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China Fortune Land Development (CFLD), whose bonds fell over 40% in the first week of the new year, saw its bonds recover some of the losses last week. Similar moves were also observed in Greenland Holdings’ bonds, which also fell earlier in the week on CFLD’s woes. Whilst indebted Chinese property developers offer higher yields, concerns remain on the financial capabilities of these companies. Besides lending restrictions by China, the recent defaults by state owned enterprises (SOEs) have also worried market participants given lack of government support Brilliance Automotive and Tsinghua Unigroup to name a few. But investors fear that SOEs and their local governments to back-out of their obligations with no more bailouts, leading to a lower recovery rate on these bonds. While CFLD is not an SOE, it does a lot of business with local governments. Through public-private partnerships, as of September 2019, it had built nearly 80 new industrial parks, signing up over 3,000 enterprises to relocate into them. The returns on these projects only come in the long-term as municipalities only repay when revenues are generated and not upfront. Bloomberg notes that CFLD’s receivables shot up 41% YoY and if the company is not able to convert any of its receivables to cash, its net debt-to-equity would rise to 263%, higher than Evergrande (currently at 219%). CFLD’s 8.625% 2021s are up 1.2 to 88.3 and their 6.92% 2022s are up 1 point to 66.1.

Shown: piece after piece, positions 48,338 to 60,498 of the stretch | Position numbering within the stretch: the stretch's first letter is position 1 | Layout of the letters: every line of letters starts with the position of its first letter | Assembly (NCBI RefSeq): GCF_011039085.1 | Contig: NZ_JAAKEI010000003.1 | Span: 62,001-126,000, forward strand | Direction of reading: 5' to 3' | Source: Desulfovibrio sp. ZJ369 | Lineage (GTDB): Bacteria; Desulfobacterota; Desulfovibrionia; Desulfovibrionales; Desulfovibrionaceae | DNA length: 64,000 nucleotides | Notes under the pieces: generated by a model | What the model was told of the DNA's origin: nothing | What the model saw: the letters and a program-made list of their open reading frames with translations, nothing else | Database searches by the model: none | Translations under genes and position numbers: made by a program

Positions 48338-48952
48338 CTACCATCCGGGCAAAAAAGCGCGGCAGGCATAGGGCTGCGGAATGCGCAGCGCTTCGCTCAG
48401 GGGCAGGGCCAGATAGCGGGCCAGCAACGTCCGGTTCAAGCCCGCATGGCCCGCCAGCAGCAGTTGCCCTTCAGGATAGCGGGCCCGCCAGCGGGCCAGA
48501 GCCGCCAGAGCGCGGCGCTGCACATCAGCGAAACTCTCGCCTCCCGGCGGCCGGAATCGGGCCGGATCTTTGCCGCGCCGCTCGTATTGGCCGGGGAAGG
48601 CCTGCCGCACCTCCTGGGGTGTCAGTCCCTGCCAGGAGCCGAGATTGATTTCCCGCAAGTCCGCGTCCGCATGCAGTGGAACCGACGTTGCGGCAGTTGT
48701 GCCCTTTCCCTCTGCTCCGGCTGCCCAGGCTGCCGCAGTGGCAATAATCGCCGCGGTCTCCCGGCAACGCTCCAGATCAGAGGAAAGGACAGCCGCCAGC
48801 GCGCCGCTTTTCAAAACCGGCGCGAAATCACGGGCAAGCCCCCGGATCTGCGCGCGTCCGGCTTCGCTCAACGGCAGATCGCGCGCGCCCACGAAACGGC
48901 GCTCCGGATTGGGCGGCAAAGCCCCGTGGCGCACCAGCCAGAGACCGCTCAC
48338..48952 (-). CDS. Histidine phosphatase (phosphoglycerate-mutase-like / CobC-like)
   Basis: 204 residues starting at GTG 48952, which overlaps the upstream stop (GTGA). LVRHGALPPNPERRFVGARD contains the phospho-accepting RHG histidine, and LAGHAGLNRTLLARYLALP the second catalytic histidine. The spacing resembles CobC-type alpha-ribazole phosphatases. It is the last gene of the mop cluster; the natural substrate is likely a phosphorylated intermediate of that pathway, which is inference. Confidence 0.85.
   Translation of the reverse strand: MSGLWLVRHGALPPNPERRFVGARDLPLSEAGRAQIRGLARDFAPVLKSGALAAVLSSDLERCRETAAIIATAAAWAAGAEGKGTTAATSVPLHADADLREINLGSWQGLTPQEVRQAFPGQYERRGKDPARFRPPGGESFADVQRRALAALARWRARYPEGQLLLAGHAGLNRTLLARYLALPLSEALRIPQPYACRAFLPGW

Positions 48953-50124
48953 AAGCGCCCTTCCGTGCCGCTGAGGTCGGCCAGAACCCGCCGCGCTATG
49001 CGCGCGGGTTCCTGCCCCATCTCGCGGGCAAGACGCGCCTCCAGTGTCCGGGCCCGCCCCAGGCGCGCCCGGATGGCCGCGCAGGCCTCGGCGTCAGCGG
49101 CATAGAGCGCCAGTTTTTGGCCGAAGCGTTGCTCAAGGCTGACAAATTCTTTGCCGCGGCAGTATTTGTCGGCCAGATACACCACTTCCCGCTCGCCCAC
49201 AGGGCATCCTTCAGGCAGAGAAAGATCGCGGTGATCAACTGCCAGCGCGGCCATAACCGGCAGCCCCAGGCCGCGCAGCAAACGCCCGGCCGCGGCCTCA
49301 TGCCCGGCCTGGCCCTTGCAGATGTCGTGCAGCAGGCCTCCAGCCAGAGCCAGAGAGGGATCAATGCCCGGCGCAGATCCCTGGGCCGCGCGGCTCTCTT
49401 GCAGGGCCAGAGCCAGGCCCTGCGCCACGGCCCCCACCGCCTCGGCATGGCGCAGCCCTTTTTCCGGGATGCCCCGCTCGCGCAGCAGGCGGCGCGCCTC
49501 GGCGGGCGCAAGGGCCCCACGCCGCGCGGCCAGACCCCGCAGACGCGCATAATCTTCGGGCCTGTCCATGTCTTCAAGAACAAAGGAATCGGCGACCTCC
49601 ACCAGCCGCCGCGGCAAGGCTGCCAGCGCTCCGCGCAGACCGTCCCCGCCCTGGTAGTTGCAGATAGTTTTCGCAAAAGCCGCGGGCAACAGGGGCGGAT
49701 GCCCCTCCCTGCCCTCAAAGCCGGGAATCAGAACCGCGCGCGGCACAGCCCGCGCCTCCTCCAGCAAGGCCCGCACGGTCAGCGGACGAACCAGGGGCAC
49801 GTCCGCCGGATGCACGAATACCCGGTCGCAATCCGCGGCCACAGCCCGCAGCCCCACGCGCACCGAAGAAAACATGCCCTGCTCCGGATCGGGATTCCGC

CFLD (1)
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